Friday, May 24, 2024
Html code here! Replace this with any non empty raw html code and that's it.

Shining a Light on Disability Challenges Through a University Event

Advocates for individuals with disabilities are urging able-bodied people to experience using a wheelchair to better understand the challenges faced by those who rely on them daily.

At Missouri Western State University in St. Joseph, Missouri, an event was organized to demonstrate the difficulties presented by the campus’s vast, hilly terrain and intricate architecture, which, while appealing, pose significant obstacles for some. The event was a collaborative effort by the university’s Accessibility Resource Center and the Center for Diversity and Inclusion.

Kelly Narowski, a Missouri Western alumna and wheelchair user, shared her experiences. “When I attended the university, I had no knowledge of the Americans for Disabilities Act (ADA), as I was still walking then,” she said. Narowski, who became partially paralyzed after a car accident at 25, noted the improved accessibility she observed upon her return. “Seeing the campus now, there’s accessibility everywhere. It’s impressive,” she added.

The challenges of navigating stairs underscored the broader need for inclusive environments and heightened disability awareness.

Narowski expressed appreciation for the voluntary nature of the event and the eagerness of participants to learn from the experience. Jackie McGuire, a counselor at the university, also participated by navigating the campus in a wheelchair, finding the experience eye-opening. “Empathizing is one thing, but experiencing it firsthand really changes your perspective,” McGuire commented.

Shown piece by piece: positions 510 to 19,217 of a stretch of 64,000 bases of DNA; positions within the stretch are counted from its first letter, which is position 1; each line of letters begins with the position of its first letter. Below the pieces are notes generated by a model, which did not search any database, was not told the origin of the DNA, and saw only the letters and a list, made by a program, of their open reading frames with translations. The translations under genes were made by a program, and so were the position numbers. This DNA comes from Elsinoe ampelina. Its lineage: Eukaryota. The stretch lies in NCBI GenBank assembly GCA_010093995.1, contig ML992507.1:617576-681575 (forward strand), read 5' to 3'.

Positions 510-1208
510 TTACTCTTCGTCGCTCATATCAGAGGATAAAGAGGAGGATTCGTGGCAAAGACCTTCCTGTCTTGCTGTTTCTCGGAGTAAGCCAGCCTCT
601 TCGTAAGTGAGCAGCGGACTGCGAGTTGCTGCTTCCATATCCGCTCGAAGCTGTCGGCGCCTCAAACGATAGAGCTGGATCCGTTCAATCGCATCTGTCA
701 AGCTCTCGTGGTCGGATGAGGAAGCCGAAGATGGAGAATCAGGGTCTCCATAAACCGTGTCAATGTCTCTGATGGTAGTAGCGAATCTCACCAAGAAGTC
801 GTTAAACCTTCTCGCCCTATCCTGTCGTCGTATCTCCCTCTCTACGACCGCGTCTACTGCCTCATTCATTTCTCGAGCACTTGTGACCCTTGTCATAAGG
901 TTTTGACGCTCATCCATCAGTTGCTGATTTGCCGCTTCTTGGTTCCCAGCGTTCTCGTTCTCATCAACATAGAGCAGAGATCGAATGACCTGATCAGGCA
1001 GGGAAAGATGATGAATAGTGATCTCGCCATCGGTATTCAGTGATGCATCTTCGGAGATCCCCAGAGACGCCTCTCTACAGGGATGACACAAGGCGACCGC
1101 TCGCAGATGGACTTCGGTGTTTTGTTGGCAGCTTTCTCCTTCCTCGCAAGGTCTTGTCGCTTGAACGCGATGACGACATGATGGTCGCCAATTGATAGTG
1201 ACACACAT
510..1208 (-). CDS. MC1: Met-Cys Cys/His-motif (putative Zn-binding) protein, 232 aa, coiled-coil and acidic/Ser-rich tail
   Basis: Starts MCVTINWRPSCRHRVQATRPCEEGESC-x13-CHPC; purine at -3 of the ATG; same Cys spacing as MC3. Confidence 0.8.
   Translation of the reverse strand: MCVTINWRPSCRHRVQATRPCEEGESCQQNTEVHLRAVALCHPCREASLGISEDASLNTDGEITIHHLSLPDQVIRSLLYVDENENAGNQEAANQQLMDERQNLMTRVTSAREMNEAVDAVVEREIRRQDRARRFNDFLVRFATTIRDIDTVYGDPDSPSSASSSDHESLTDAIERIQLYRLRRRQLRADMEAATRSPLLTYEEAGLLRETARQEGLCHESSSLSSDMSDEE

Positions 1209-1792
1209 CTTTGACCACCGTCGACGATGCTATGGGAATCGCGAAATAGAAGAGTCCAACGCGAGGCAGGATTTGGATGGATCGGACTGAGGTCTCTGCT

Kar Miller, a keynote speaker and student at the university, emphasized the importance of raising awareness about disabilities. Miller, who uses a powered wheelchair, pointed out the occasional lack of assistance when her device malfunctions or moves slowly.

Narowski also highlighted the strong protections afforded by the ADA, noting that while some inconsiderate behaviors have decreased due to penalties and public scrutiny, issues like improper parking in designated access areas remain. “It’s crucial to address and correct these behaviors,” she stated, underscoring her commitment to improving awareness and compliance.

Click here to view original article at

Like this article? You may also like:

Nathan R. Stenberg, pioneering Disability Inclusion at Johns Hopkins University

Minnesota Parents Helping People With Intellectual Disabilities Get College Degrees

Roanoke College to Launch Disability Studies Program

Connect with AmeriDisability on Facebook, Twitter and Instagram.

Check out the Resources page. Claim or add your disability-focused business or nonprofit for free.

Related Articles

Stay Connected

- Advertisement -spot_img

Latest Articles